We do our best to answer your lighting conundrums and queries, while preventing foreseeable catastrophes. Many requests for help begin with “my lights won’t turn off”, “don’t dim”, “they buzz”, or “flicker”. While we have addressed some of these topics individually in the past, this article is intended to be an inclusive checklist of common issues. If you find yourself facing a day in the dark, the following subjects could be the proverbial flashlight to your lighting debacle.
Heat is a killer of bulbs. No matter what type of bulb you have installed in your home, if the bulb is not properly ventilated you will significantly reduce its lifespan due to overheating. We know that incandescents put off a lot of heat and, on the other end of the spectrum, LEDs expel far less heat. Yet the heat sink surrounding the actual LED diodes of the bulb is the reason some LEDs are considered unattractive. This heat sink draws heat out and away from the diodes, keeping the bulb cool and allowing the LED to glow longer. Any fixture, especially one that encloses the whole bulb, should be fitted with a bulb rated for that use. Bulbs that are rated as “suitable for enclosed fixtures” will say so in their specifications or you can check the manufacturer’s website.
GFCI stands for “ground-fault circuit interrupter”. Usually found in areas that are subject to moisture (i.e. bathrooms, kitchens, garages, etc.), GFCI outlets provide protection from accidental shocks via the electrical devices used in homes. If there is a difference in current, in the range of a few milliamps, that means current is leaking out and the outlet quickly cuts off the power to the divulging device. These outlets have two buttons between the receptacles, labeled “test” and “reset” respectively. When your lamps keep you in the dark, check for GFCI outlets and press the reset button to regain power. As you push the button, a click sound lets you know the power was cut off. Check your lights and devices to see if they work, then check all the outlets in a room for other GFCI outlets and push their reset buttons to make sure the power has restored completely.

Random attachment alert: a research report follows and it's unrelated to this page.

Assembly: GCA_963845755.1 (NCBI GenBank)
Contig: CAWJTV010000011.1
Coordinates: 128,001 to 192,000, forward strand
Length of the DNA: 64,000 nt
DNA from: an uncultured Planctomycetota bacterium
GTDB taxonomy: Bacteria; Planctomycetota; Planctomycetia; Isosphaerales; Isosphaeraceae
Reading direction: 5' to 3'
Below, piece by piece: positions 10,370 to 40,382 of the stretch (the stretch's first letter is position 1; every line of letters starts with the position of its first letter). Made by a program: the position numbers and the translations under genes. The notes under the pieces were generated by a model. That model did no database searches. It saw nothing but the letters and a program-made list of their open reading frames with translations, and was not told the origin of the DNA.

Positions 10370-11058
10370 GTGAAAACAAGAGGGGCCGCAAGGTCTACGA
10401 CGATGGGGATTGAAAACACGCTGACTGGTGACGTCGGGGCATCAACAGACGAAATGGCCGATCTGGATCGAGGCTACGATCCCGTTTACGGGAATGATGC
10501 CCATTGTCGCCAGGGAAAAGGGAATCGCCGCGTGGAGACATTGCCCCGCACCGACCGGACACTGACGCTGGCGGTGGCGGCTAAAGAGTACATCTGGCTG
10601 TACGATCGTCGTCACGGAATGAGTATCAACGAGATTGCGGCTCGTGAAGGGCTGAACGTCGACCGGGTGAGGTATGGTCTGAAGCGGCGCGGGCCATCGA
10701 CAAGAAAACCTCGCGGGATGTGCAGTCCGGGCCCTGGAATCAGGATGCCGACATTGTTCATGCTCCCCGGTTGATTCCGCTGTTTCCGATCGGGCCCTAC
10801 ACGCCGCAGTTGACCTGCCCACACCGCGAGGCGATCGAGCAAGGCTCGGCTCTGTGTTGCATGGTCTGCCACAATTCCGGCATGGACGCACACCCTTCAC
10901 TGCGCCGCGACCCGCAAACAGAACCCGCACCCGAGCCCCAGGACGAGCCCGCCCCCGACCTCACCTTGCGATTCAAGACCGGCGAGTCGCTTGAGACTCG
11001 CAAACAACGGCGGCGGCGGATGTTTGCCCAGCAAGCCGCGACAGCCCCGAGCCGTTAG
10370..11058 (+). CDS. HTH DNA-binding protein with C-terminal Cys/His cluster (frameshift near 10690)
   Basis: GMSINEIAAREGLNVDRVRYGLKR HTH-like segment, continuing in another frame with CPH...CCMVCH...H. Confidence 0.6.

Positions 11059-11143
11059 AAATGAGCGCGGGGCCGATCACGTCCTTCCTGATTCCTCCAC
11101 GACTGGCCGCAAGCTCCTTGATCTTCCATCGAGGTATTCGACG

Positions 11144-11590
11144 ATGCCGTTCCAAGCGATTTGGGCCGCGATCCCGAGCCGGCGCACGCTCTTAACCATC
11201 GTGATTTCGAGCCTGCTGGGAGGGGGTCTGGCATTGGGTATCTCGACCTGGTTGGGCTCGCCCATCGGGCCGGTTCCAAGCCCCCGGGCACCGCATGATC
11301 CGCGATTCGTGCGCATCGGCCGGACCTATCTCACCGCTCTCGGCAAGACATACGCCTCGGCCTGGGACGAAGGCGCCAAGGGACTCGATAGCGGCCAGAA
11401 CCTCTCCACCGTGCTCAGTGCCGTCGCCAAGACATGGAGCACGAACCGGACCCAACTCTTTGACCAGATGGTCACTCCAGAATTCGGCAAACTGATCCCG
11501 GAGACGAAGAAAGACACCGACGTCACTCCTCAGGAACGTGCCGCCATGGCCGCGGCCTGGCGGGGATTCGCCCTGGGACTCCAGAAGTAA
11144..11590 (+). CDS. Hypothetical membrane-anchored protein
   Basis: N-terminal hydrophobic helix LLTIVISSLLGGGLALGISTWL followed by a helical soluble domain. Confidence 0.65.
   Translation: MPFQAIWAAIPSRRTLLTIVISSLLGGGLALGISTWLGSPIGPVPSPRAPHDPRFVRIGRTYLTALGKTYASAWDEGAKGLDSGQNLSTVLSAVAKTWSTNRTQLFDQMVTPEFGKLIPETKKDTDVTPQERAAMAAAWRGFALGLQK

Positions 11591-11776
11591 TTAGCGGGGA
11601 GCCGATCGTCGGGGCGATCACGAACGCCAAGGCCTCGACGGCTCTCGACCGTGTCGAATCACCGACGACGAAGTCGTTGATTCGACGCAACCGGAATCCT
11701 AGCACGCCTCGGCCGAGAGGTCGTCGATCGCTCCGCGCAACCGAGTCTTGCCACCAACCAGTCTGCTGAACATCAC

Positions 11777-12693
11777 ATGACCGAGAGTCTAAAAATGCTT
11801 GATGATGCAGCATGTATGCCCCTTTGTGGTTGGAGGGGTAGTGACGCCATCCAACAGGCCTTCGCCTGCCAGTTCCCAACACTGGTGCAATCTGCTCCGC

Did you know that every LED-compatible dimmer may not work with your LEDs? Incompatible dimmers are highly likely culprits when your lights fail to turn completely off or they make a humming noise. Dimming ability is usually a percentage. A good dimmer can reduce light levels to about 10 percent of full light. Manufacturers of dimmable LEDs often include a list of dimmers tested for compatibility and how well the dimmers performed. Some of the dimmers on the list will have the ability to dim your lights partially, others will perform to the stated percentage. If your dimmer isn’t on the list, that doesn’t disqualify it from working with your lights but it does mean that your dimmer may not work as effectively. Furthermore, a dimmer installed incorrectly may cause a humming or buzzing sound as well. Check the specs or the manufacturer’s website of your dimmable LEDs to find recommended dimmers.
Over Efficient LEDs
You can buy LEDs that will light up like the sun and use a small fraction of the energy. However, sometimes your LEDs can be too efficient. In the case of dimmable LEDs, if you are sure you have a compatible dimmer but your lights continue to glow, you could have an electrical load too small for the dimmer to recognize. Typically you dim your LEDs, but since your lights only consume a small amount of power, dimming them reduces that power even more. You reach a point where the dimmer cannot reduce the current any further and yet your lights remain on. Another scenario is where the dimmer switch is off but if your dimmer has a locator light or allows a three-way option, there is still current running through the switch and into your LEDs. Either way, a solution to your murky mishap is to install a “dummy” load on the same circuit as your LEDs. A dummy load is simply a device, a bulb or resistor, which will raise the power consumption to a level the dimmer can successfully reduce. Typically, easy dummy loads include a low-wattage incandescent bulb or even nightlight. A less visible but more technical answer involves wiring a small resistor into the circuit with the dimmer switch.